Brain-damaged woman denied the right to die: Living wills

4 min Read

In a landmark decision the High Court has ruled that it was not in the best interests of a patient with minimal consciousness (known as M) for artificial hydration and nutrition (“AHN”) to be withdrawn. Mr Justice Baker has stated that the preservation of her life was the most important factor to take into account.

The facts

In 2003 at the age of 43, M contracted viral encephalitis and fell into a coma. It was discovered that she had suffered irreparable brain damage and that she would be wholly dependent on others for her care for the rest of her life.

Initially M was diagnosed as being in a vegetative state and in 2007 M’s family applied to the High Court for a declaration that the doctors be permitted to lawfully discontinue AHN and that M be allowed to die.

On further investigation it transpired that M was in fact in what is known as a minimally conscious state (also known as “locked in syndrome”). This meant that M was slightly above a vegetative state and was aware, at least to a limited extent, of herself and her environment. What level of awareness M had (measured in part by an ability to obey a verbal command) remained in dispute between the experts. One expert stated that she was unable to identify any aspect of M’s life that gave her any pleasure or satisfaction.

As a result of this the family proceeded with the application, albeit the proceedings were transferred to the newly constituted Court of Protection arm of the High Court.

The decision

Mr Justice Baker heard evidence from the family about M’s life and how, in their view, her experiences were predominantly negative. He also acknowledged that M had previously expressed to her family that she would not want to be kept alive in such circumstances.

However he held that the test to be applied is not what M would have done if she had capacity, but rather objectively what was in her best interests. The “best interests” test is one of the cardinal principles of the Mental Capacity Act 2005 and section 4 of that Act sets out what factors should be taken into account when considering best interests. One of those factors is “the person's past and present wishes and feelings”. It was submitted on the part of M’s family that insufficient weight was being given to her previously expressed wishes and feelings.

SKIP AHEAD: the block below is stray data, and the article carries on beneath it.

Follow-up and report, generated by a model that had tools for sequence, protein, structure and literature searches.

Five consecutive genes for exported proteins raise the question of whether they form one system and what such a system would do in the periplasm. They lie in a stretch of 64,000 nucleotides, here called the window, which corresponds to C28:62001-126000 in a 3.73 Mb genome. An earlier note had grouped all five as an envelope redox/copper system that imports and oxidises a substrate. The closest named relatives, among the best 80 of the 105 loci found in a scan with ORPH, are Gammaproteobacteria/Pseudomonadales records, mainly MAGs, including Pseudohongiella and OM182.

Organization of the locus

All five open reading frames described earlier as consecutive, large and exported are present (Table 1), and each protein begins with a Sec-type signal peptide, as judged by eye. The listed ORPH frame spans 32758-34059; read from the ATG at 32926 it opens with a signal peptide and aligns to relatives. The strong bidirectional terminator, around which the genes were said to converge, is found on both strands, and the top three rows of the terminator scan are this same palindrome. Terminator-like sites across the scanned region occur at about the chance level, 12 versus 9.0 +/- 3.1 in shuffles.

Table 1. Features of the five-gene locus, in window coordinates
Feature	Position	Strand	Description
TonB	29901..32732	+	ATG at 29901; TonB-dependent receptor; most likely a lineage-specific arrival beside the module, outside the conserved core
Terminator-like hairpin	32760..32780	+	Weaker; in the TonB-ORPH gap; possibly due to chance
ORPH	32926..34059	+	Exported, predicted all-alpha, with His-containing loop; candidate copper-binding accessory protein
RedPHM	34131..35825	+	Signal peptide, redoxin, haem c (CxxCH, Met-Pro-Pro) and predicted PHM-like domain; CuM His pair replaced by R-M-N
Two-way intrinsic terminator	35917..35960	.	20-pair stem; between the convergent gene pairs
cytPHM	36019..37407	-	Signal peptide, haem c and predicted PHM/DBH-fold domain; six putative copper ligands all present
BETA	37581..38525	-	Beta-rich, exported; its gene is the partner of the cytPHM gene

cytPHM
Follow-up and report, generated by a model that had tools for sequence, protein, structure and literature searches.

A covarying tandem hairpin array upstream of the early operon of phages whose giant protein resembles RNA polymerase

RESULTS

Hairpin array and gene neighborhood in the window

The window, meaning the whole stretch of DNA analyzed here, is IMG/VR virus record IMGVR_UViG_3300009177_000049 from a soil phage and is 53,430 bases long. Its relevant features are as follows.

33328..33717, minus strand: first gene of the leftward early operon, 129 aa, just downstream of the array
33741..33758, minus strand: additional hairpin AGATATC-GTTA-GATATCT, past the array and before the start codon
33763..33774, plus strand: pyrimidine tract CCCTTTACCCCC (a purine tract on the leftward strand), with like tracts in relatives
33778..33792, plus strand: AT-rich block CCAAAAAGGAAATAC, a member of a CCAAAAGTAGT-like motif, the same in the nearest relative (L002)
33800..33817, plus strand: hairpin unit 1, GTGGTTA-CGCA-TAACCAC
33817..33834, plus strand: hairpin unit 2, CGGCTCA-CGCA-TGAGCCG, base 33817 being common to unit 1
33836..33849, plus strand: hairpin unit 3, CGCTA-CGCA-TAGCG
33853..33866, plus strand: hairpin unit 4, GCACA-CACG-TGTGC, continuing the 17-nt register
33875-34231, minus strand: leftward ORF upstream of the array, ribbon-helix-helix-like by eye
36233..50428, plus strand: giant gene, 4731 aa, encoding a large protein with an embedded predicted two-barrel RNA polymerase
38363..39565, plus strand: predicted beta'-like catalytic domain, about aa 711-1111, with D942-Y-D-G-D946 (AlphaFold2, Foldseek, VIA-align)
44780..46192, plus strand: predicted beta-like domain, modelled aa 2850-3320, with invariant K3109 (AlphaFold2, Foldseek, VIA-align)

The Official Solicitor submitted that the formal requirements attached to advance decisions about treatment (otherwise known as “living wills”) were there for good reasons, namely to prevent the abuse of vulnerable people. For this reason it was argued that only limited weight could be given to an informal statement of wishes.

Mr Justice Baker referred to the Code of Practice to the Mental Capacity Act which gives specific guidance in the context of life sustaining treatment: “All reasonable steps which are in the person’s best interests should be taken to prolong their life. There will be a limited number of cases where treatment is futile, overly burdensome to the patient or where there is no prospect of recovery. In circumstances such as these it may be that an assessment of best interests leads to the conclusion that it would be in the best interests of the patient to withdraw or withhold life sustaining treatment even if this may result in the person’s death.”

Mr Justice Baker held that M was minimally conscious, clinically stable, aware of herself and her environment and able to respond and communicate, albeit in a very limited away. He also stated that M suffered pain, distress and discomfort but that her life was not overwhelmingly negative and that there was some prospect of improvement in the quality of her life, if not her level of consciousness. He said she is therefore “recognisably alive in a way that patient in VS is not.”

In making his decision Mr Justice Baker used the “balance sheet” test and listed on the one hand the advantages of withdrawal of treatment. These included the sparing of distress, pain and discomfort. He also noted that being allowed to die would be consistent with statements that M had made in the past.

However on the other side of the balance sheet he concluded that in M’s circumstances the right to life carried the greatest weight.


Consequently the question of withdrawal of treatment in cases of patients in a minimally conscious state is far more complex than those in a persistent vegetative state. The former type of patient will have a level of brain activity and therefore more awareness. In those circumstances the right to life is likely to prevail.

M’s family has endured years of heartbreak in trying to do what they thought was best. This case is a terrible reminder that advance decisions about treatment or living wills can be of tremendous benefit in trying to avoid such heartbreak.

An advance decision allows a person to state what forms of treatment they would or would not like, should they be unable to state what forms of treatment they would like in the future. The statutory procedure for making an advance decision ensures that the patient understands the effect of their decision. The decision itself is recorded in writing and signed by both the patient and a witness. In such circumstances the advance decision or living will is binding.

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Briefings Private client Denied the right to die Living wills